LONG BEACH — Ray Grabinski knocked on one Wrigley District door after another last week, celebrating an anniversary of sorts.
Voter registration lists in hand, Grabinski, 41, was marking his sixth month on the stump for the District 7 seat now held by veteran City Councilwoman Eunice Sato.
Dressed in gray slacks and blue blazer and armed with pamphlets and "Grabinski" giveaway sponges, he has campaigned most nights and weekends since April. And the city's primary election is still six months away.
"I want to meet every voter in the district . . . . by next April," said Grabinski, the short, stocky owner of a Bixby Knolls delicatessen who is making his first run for office.
Grabinski's presence on westside doorsteps--along with lucrative fund-raisers by other candidates, a new campaign for a full-time mayor, and District 1 Councilman Marc Wilder's announcement that he will not seek a third term--have ushered in a new political season here.
Already, races for four of the five council seats available next spring have begun to take shape.
Only Mayor Ernie Kell, who represents the 5th District and received nearly 80% of its votes four years ago, is not likely to be opposed. Even so, he hosted a $150-a-plate campaign dinner a week ago on the Queen Mary, and guests said perhaps 300 people attended.
The primary election will be April 8, with the final balloting June 3.
In District 7, Grabinski, a leader in California Heights and Wrigley area neighborhood groups for several years, is using the shoe-leather strategy increasingly popular with underdog council candidates in Long Beach.
He points to maverick Councilman Warren Harwood's overwhelming defeat of 13-year 9th District incumbent Russ Rubley in 1982 as evidence that months of walking districts can work.
Sato, however, has been a hard-working, virtually full-time council member since 1975, who handily defeated current Planning Commission Chairman Richard Gaylord in 1982 even though his campaign was nearly three times as costly as hers. The 64-year-old former schoolteacher said she's not worried about Grabinski.
"It'll be a race, I guess," she said. "I know he's trying to take credit for things he hasn't done. He says he's responsible for the oil pipeline ordinance and the (city) staff developed that."
Grabinski said that in the wake of the frightening Gale Avenue pipeline break and fire in 1981, he worked hard to get the city to adopt a pipeline safety law that remains a model nationwide. He has also led a successful effort to keep a toxic waste plant out of Wrigley Heights and initiated a city hazardous waste law that established a 2,000-foot buffer between waste facilities and homes, he said.
"(Sato) is effective in her own way," said Grabinski. "She's hard-working and she attends a lot of meetings. But a council member has to be a catalyst, not just someone counted on the roll. She waits until the decision is almost made by circumstance or other council people, then she votes."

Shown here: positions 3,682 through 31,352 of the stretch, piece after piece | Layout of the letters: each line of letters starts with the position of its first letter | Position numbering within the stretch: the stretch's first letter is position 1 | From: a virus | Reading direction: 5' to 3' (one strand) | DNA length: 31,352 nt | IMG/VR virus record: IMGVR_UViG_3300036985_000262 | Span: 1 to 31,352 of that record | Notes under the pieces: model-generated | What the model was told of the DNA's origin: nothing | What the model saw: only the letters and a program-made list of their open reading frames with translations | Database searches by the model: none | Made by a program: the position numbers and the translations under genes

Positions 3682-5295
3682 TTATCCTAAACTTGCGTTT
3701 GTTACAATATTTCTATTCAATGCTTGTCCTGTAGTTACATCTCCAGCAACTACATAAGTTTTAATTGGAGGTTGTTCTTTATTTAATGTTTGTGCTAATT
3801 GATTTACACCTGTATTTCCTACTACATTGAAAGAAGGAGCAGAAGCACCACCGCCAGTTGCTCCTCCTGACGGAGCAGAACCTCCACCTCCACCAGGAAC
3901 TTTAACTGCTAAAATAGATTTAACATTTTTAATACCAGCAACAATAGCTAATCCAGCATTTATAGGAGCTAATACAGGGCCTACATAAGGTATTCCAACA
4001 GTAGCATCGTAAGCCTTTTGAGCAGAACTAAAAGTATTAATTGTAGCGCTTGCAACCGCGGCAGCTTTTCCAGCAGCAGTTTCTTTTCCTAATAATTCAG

Sato said Grabinski has conjured up his own version of past events and misrepresented her actions. "I vote for fairness and justice," she said, "I have to do what's right even if it's against another council person."
The campaign in District 3 promises to be a repeat of the free-swinging $100,000 race between Councilwoman Jan Hall and dentist James Serles in 1982. Hall has already raised about $32,000, while Serles, who lost by 387 votes out of 7,700 cast last time, said he is lining up pledges and will spend what it takes.
Resurrecting the issues of 1982, Serles, 44, said he would focus on traffic and crime problems in the city's affluent southeast, and what he sees as Hall's lack of business experience.
"In me (voters) are getting someone with a solid business background," he said. "She sits as a member of a council with a $1-billion budget, and she has never to my knowledge been employed or had to make a payroll or sign a paycheck."
Hall, 42, a housewife and a community activist before election to the council in 1978, said she worked professionally in 1969-72 for a public opinion firm and is a partner in the insurance business her husband runs. She also has had much experience with business as a leader in government, she said.
Crime is down sharply in her district since 1981, she added. And she said she has fought her district's traffic battles for 15 years, including leadership in a campaign against an east-west freeway in the early 1970s.
Her qualifications and support, she maintained, are even stronger than four years ago.
In District 9 in North Long Beach, Harwood's seat appears secure for now, even though 1982 also-ran Norm Kermode, 70, and Jay Cain, who headed a failed campaign to recall Harwood last year, have said they may oppose him this time.